An HR Glossary for HR Terms
Glossary of Human Resources Management and Employee Benefit Terms
OSHA Form 301
What Is OSHA Form 301?
Occupational Safety and Health Administration (OSHA) Form 301, “Injury and Illness Incident Report,” is used by employers to keep a record of a single injury, illness, or death in a workplace. This form is found within OSHA Form 300, which is used to log and classify all such incidents for a workplace. Each incident recorded on OSHA Form 300 must also be documented in greater detail on OSHA Form 301.
Which Incidents Must Be Recorded on OSHA Form 301?
OSHA considers injuries and illnesses to be recordable if they are serious, directly related to an employee’s work, and happen while the worker is doing their job. Recordable injuries include:
- Injuries or illnesses that cause unconsciousness, days off from work, restricted work, or job transfers
- Diagnosed cancer, irreversible chronic conditions, broken teeth or bones, and punctured eardrums
- Injuries requiring professional care
Minor injuries that only require first aid, like a bandage or ice pack, don’t have to be recorded. Also, different rules apply for certain conditions including tuberculosis and hearing loss. Visit the OSHA website for more details about the regulations for recordable injuries and illnesses.
Who Must Complete OSHA Form 301?
Only businesses in industries that have a high risk of serious employee injury or illness are required to complete OSHA Form 301. To see a list of those industries, click here.To see which lower-risk industries are exempt from this requirement, click here. There is also an exemption for employers in all industries who have no more than 10 employees.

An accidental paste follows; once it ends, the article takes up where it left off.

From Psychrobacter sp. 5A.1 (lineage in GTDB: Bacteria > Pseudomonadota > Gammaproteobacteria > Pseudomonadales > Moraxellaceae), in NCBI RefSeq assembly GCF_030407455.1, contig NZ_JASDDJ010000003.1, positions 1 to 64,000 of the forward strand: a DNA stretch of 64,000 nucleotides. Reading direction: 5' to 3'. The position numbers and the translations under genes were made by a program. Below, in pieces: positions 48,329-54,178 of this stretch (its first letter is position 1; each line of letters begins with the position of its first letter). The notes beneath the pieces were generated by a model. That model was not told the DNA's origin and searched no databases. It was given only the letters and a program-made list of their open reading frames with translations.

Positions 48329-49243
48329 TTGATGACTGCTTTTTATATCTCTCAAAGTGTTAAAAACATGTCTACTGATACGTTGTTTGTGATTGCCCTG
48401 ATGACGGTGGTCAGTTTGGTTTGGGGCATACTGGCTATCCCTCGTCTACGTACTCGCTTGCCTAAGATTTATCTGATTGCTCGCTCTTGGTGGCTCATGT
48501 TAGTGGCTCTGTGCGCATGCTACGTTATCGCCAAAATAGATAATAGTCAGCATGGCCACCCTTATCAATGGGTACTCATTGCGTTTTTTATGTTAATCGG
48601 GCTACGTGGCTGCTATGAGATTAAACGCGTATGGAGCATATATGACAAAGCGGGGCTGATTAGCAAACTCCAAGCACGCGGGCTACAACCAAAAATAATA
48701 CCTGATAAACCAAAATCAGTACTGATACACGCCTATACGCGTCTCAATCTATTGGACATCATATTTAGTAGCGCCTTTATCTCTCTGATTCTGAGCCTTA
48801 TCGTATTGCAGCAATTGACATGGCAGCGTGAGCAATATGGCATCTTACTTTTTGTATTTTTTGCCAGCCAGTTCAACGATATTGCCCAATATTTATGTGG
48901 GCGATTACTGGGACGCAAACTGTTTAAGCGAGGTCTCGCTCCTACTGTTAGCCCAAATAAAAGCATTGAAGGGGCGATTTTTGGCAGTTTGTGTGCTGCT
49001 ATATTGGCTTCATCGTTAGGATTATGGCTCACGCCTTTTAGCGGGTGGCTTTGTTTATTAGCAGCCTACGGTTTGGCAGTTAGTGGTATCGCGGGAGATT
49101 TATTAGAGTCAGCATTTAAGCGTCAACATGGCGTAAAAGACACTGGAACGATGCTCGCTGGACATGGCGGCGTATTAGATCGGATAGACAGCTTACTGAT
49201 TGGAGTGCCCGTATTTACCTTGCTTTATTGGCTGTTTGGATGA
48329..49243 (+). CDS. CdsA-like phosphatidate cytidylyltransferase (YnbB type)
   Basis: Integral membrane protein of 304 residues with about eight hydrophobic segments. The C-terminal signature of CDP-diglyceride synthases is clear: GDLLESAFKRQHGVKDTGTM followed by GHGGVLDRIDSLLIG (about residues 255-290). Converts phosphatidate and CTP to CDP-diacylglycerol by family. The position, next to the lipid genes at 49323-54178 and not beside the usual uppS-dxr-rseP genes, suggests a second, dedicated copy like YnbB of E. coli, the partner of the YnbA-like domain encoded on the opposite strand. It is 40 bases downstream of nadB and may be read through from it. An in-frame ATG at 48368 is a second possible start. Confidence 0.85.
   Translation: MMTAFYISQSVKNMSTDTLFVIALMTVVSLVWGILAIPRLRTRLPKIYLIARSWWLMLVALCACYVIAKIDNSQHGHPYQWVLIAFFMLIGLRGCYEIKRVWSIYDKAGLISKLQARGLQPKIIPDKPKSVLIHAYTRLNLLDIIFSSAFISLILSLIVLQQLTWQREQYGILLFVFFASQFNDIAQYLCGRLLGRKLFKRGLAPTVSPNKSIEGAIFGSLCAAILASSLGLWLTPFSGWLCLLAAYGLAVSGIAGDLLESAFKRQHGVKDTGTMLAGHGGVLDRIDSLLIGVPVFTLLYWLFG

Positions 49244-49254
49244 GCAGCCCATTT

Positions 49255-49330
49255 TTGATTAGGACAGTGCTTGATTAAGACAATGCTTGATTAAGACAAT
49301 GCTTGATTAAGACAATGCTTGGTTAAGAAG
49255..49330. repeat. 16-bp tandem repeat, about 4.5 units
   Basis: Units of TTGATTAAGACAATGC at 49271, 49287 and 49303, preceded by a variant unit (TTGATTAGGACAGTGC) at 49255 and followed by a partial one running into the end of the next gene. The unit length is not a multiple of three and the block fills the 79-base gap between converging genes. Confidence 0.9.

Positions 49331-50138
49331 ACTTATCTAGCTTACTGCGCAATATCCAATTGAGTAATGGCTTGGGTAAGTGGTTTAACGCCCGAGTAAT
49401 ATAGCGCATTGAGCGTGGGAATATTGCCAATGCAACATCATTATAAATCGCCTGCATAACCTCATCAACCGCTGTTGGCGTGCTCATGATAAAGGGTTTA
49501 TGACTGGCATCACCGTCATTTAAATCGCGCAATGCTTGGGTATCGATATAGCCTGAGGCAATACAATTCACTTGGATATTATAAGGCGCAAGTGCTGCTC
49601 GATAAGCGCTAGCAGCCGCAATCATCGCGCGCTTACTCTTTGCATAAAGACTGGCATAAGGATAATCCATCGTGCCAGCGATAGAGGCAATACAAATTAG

Separately, all employers are required to quickly report to OSHA any workplace incident that results in a death, in-patient hospitalization, amputation, or loss of an eye. This separate reporting requirement can be met by calling OSHA or completing their Serious Event Reporting Online Form.
What Information Must Be Entered on OSHA Form 301?
To create a complete record of an incident, OSHA Form 301 asks for a variety of information, including:
- Basic information about the employee, such as name, address, and when hired
- The date and time of the incident
- What the employee was doing just before the incident
- How the injury or illness occurred
- What part of the body was affected
- Any object or substance that directly harmed the employee during the incident
- Name of healthcare provider
- Where treatment was given
- Whether the employee was hospitalized
- The date of death if the employee passed away
When Must OSHA Form 301 Be Completed?
Employers must fill out OSHA Form 301 no later than seven days after they learn of a recordable workplace injury or illness. However, they may choose to fill out an alternative form instead as long as it includes all of the same information as OSHA Form 301. These equivalent forms might come from an insurance company, worker’s compensation, or other sources.
Do You Have to Send Form 301 to OSHA?
Employers don’t have to submit a completed Form 301 to OSHA. Instead, they need to keep it on file for at least five years after the year the incident occurred. Accurate injury and illness records help employers create a safer workplace, and if questions arise about an incident, OSHA Form 301 can help resolve any disputes and ensure both employer and employee are treated fairly.